Review: Earthworm Jim HD
Earthworm Jim HD is a remake of the old 1994 Sega Genesis classic and harkens back to the days of old school platform games. In June, X-Box Live Arcade was the first to see the release of this title, followed by PSN early this August. Earthworm Jim HD is basically the same game with a new graphics engine and a few new features such as multiplayer co-op, 3 new levels, and (my favorite) the ability to pick which of the levels you want to play though. Aside from the new coat of paint and the additions, Earthworm Jim HD is pretty much the same game you played when you were younger, for better or for worse. For the young gamers out there who are picking up this title for the first time, play it on the “original” difficulty if you want to see why older gamers are always complaining about how easy and dumbed down games are these days.
Sure it’s prettier, but Jim still can’t jump and whip upward at the same time.
Earthworm Jim is a game about a lucky little worm named Jim who accidentally falls into an alien super suit which causes him to grow into enormous proportions and give him sentience. Jim uses his new found powers, a plasma pistol, super strength, and limbs, to fight his way across the galaxy in order to save Princess What’s-Her-Name from the evil Queen Slug-for-a-butt. There’s a cast of complex and wacky characters and the game even inspired a Saturday morning cartoon series. As with every other platformer of its era, Earthworm Jim didn’t explain any of this to you. There was a time, long ago, when game designers didn’t feel they had to really explain (in-game) anything to their players. As a player, you might get lucky and find that the manual contained all the plot info that the actual game was missing. Otherwise, you were screwed. So with Earthworm Jim, you had to wonder why the main boss for the Hell level is a cat, who the hell this guy with a monkey on his head was, and why it was you were actually trying to save this princess (the answer is “Because she’s there”). Earthworm Jim HD doesn’t do a damned thing to alleviate this issue though, and new players are left to wonder what the hell’s going on.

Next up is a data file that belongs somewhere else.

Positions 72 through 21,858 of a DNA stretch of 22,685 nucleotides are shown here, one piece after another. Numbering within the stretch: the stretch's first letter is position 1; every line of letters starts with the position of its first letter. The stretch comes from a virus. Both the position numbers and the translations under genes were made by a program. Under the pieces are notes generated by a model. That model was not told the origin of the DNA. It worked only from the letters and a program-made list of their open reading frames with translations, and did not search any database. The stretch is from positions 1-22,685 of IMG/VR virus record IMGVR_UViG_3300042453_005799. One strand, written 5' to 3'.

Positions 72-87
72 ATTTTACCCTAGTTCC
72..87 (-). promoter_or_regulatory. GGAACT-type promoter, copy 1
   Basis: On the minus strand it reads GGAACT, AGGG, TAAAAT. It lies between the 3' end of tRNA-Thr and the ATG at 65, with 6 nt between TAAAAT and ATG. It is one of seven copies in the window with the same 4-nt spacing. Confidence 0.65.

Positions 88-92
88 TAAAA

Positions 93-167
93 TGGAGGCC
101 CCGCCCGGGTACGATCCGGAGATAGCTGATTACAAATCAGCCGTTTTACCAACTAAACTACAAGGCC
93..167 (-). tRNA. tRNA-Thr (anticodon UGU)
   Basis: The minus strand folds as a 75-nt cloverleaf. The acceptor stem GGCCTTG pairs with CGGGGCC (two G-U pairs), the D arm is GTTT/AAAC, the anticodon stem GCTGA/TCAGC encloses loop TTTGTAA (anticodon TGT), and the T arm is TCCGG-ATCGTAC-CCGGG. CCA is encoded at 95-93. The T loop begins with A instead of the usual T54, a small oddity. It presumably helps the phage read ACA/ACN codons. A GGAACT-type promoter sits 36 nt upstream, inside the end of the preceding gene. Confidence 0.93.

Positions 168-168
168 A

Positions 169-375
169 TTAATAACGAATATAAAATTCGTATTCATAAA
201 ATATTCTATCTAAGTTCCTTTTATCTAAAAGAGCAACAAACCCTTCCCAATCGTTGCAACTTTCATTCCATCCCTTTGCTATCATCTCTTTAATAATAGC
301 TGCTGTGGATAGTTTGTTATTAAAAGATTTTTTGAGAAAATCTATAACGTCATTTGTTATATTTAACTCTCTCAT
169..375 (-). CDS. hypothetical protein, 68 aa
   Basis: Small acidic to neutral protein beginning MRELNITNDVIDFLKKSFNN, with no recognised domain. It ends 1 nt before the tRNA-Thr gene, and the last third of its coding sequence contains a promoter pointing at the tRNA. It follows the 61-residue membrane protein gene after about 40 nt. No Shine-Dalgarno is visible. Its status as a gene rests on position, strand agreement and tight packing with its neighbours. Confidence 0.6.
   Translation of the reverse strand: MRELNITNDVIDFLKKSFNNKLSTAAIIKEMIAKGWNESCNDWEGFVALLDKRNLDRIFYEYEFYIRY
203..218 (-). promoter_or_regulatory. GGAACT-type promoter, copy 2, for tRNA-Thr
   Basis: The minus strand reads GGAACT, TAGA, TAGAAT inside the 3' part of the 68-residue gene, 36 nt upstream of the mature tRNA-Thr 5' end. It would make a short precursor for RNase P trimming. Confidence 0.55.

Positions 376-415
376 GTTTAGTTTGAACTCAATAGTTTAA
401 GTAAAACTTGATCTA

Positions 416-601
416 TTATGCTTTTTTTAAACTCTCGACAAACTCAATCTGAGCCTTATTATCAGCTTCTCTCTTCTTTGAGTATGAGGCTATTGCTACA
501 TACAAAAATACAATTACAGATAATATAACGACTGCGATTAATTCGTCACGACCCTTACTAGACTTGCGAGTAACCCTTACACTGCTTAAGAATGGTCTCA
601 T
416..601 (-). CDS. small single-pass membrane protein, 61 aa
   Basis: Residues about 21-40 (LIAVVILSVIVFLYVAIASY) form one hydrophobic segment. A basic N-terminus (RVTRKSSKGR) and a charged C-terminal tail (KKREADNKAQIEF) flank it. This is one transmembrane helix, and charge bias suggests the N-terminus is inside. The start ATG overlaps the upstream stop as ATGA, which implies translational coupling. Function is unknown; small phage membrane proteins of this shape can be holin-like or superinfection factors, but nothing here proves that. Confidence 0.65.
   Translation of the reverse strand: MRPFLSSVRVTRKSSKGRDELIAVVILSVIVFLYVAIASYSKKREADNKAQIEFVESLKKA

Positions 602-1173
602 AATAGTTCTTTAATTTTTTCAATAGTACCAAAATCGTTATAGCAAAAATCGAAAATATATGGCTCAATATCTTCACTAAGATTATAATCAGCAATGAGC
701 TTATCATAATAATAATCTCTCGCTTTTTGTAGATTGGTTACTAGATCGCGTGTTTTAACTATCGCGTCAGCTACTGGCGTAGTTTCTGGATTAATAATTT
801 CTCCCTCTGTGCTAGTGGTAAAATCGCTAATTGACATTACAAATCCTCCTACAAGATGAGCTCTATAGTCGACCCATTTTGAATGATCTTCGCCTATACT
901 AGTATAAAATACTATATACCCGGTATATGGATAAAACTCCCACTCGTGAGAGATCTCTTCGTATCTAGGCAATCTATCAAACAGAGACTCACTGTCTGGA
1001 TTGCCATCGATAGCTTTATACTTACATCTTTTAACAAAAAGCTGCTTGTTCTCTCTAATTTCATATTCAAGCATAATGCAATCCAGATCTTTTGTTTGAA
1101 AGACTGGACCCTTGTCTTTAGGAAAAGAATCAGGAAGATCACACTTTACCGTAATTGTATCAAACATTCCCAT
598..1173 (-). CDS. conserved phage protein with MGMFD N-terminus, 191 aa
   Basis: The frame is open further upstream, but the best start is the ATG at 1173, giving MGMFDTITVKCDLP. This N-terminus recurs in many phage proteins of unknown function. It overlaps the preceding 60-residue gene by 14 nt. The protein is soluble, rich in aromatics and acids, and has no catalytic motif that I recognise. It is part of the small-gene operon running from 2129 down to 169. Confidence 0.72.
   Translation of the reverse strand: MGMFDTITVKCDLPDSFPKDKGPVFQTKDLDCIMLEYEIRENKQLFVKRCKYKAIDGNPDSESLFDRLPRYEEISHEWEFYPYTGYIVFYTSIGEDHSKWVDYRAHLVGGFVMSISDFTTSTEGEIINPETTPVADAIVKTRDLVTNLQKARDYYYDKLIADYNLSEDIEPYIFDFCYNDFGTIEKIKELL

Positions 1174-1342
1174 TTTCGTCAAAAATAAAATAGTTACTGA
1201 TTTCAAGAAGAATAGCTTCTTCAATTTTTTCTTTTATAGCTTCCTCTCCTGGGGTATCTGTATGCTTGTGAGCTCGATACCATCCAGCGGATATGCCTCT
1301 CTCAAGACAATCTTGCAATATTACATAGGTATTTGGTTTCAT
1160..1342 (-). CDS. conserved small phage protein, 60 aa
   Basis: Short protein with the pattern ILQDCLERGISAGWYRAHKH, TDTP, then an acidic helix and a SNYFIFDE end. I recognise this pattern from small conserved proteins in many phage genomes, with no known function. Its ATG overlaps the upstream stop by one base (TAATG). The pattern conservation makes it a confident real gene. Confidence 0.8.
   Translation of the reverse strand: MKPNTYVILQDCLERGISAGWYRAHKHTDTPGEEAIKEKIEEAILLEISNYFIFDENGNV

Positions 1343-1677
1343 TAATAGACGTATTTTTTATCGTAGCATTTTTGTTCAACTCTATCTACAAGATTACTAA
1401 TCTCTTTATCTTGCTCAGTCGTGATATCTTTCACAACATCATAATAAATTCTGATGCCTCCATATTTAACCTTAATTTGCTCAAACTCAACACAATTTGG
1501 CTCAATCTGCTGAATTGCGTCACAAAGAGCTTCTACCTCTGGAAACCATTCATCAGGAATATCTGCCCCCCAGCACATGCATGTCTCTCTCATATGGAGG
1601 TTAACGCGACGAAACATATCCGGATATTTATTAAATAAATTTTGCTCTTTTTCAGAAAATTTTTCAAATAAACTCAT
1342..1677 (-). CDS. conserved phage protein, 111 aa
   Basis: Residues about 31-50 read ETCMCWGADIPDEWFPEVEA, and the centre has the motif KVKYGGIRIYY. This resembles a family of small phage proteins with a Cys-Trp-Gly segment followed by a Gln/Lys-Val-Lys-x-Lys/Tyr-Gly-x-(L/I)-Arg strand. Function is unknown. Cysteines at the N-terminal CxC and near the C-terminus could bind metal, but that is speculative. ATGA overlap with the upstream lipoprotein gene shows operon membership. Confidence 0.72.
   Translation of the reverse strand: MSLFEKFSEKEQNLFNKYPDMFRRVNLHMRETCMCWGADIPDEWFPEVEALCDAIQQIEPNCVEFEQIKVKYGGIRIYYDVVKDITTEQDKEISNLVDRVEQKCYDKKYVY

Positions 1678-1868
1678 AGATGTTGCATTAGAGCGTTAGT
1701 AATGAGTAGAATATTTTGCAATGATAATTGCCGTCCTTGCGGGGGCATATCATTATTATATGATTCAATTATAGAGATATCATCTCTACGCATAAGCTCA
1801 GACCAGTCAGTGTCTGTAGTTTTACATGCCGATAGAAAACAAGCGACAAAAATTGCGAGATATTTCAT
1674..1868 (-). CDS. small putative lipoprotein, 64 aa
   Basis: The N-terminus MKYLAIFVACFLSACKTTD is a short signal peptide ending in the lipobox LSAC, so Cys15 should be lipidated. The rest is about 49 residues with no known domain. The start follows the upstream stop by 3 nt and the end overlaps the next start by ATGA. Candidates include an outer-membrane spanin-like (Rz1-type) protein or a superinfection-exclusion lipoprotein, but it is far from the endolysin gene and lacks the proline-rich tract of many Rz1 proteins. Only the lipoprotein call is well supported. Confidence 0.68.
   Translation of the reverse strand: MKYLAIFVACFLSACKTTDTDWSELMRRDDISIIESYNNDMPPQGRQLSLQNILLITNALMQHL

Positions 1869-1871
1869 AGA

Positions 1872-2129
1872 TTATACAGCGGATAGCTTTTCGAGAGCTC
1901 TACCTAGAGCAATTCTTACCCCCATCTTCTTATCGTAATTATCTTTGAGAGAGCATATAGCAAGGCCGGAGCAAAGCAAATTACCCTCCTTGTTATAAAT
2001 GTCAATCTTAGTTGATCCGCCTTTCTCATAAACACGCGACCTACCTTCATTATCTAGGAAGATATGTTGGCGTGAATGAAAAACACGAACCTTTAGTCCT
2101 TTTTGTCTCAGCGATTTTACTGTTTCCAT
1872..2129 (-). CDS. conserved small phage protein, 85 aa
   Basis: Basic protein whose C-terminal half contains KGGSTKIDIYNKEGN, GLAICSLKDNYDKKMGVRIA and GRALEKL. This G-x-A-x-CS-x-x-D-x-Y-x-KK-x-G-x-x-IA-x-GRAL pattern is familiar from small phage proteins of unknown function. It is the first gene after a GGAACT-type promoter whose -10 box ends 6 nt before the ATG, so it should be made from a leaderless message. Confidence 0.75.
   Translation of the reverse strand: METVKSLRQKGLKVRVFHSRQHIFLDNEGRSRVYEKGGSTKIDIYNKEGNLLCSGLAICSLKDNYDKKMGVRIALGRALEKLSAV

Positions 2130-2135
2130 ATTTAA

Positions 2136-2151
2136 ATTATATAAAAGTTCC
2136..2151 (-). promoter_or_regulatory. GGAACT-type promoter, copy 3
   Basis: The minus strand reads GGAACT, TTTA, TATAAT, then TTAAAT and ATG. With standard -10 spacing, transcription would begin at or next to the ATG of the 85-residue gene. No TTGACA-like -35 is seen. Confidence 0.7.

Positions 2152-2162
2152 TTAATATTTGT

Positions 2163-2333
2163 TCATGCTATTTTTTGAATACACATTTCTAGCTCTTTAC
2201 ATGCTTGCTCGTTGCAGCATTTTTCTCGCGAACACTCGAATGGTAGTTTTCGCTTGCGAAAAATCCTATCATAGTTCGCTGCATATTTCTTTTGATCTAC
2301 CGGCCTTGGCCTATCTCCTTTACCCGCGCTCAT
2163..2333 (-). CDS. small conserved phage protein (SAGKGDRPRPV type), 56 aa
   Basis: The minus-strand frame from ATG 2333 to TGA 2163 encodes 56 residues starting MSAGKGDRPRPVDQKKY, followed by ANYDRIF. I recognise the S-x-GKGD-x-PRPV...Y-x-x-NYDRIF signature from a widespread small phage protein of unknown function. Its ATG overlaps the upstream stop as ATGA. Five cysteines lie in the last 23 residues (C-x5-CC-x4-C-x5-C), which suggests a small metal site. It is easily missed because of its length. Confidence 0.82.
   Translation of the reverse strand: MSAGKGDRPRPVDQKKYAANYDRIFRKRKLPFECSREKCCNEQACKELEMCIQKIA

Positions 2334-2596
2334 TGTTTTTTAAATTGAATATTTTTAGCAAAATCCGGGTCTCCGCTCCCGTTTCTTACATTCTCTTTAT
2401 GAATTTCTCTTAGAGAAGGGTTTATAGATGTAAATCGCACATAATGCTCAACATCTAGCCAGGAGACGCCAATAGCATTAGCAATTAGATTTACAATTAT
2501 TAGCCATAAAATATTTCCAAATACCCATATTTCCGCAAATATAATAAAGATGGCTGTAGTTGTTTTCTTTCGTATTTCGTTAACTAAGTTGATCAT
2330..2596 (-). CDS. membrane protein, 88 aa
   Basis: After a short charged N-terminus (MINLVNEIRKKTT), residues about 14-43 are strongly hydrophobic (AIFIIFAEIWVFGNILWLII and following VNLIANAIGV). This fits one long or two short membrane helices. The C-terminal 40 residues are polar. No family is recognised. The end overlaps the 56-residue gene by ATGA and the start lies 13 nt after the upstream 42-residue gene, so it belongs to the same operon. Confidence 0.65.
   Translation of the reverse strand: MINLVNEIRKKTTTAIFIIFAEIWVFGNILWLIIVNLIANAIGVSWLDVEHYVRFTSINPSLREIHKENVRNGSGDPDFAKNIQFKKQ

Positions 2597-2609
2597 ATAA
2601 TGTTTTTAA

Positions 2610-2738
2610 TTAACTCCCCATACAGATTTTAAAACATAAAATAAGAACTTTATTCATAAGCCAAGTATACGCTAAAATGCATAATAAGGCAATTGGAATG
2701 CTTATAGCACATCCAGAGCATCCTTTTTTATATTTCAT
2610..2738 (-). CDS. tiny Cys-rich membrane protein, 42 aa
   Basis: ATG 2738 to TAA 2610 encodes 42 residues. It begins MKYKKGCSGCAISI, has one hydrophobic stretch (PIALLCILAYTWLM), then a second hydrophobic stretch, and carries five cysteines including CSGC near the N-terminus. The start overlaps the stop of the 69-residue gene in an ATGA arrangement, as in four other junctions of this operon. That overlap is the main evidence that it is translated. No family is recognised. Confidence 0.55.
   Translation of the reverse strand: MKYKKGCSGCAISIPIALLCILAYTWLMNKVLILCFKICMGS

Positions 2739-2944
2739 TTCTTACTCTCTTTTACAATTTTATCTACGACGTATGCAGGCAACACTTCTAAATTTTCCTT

The controls remain true to the original 1994 title, and are akin to trying to molest and angry moray eel with your thumb. Jim’s whip (actually his body) will only catch onto hooks if timed perfectly and you may find yourself cursing as you attempt to hit a particularly troublesome hook for the 20th time. Jim can’t really jump and attack at the same time all that well, though an attempt at the mechanic is there. Looking back on the series, Earthworm Jim was really an essay in the do’s and don’ts of platformer design. Do use wacky and interesting settings, characters, and gameplay mechanics to draw and keep your audience. Don’t make your main character about as agile as a gagged and hogtied carebear.
The graphical update is rather nice and the 3 new levels are both pretty interesting and a lot of fun. The new multiplayer co-op puts 4 differently colored Jims on the screen at once and all 4 must complete a standard (though modified to handle the extra players) level together. A great idea on paper, but given how poorly Jim handles and how easy it is to confuse the different Jims on the screen, my few multiplayer moments with this game started resembling the worst moments I could remember of Little Big Planet co-op.
Only people who’ve actually played Earthworm Jim can even begin to comprehend this hell.
So the big question, is Earthworm Jim HD really worth the $9.99 charged for it on PSN or the 800 Microsoft Points ($9.99) on X-Box Live? Well, that really depends on the player. If you’re an older gamer and you have fond memories of Earthworm Jim, then you should definitely buy this game. It’s everything you loved and more. If you never really liked the level design or hated the controls, then I’d avoid it because neither of those has been fixed. Finally, if you’ve never played an Earthworm Jim game before and you want to give this one a try, I’d recommend downloading the demo first. Earthworm Jim HD isn’t really worth buying up instantly, but neither is it worth ignoring. Overall, I say Try it.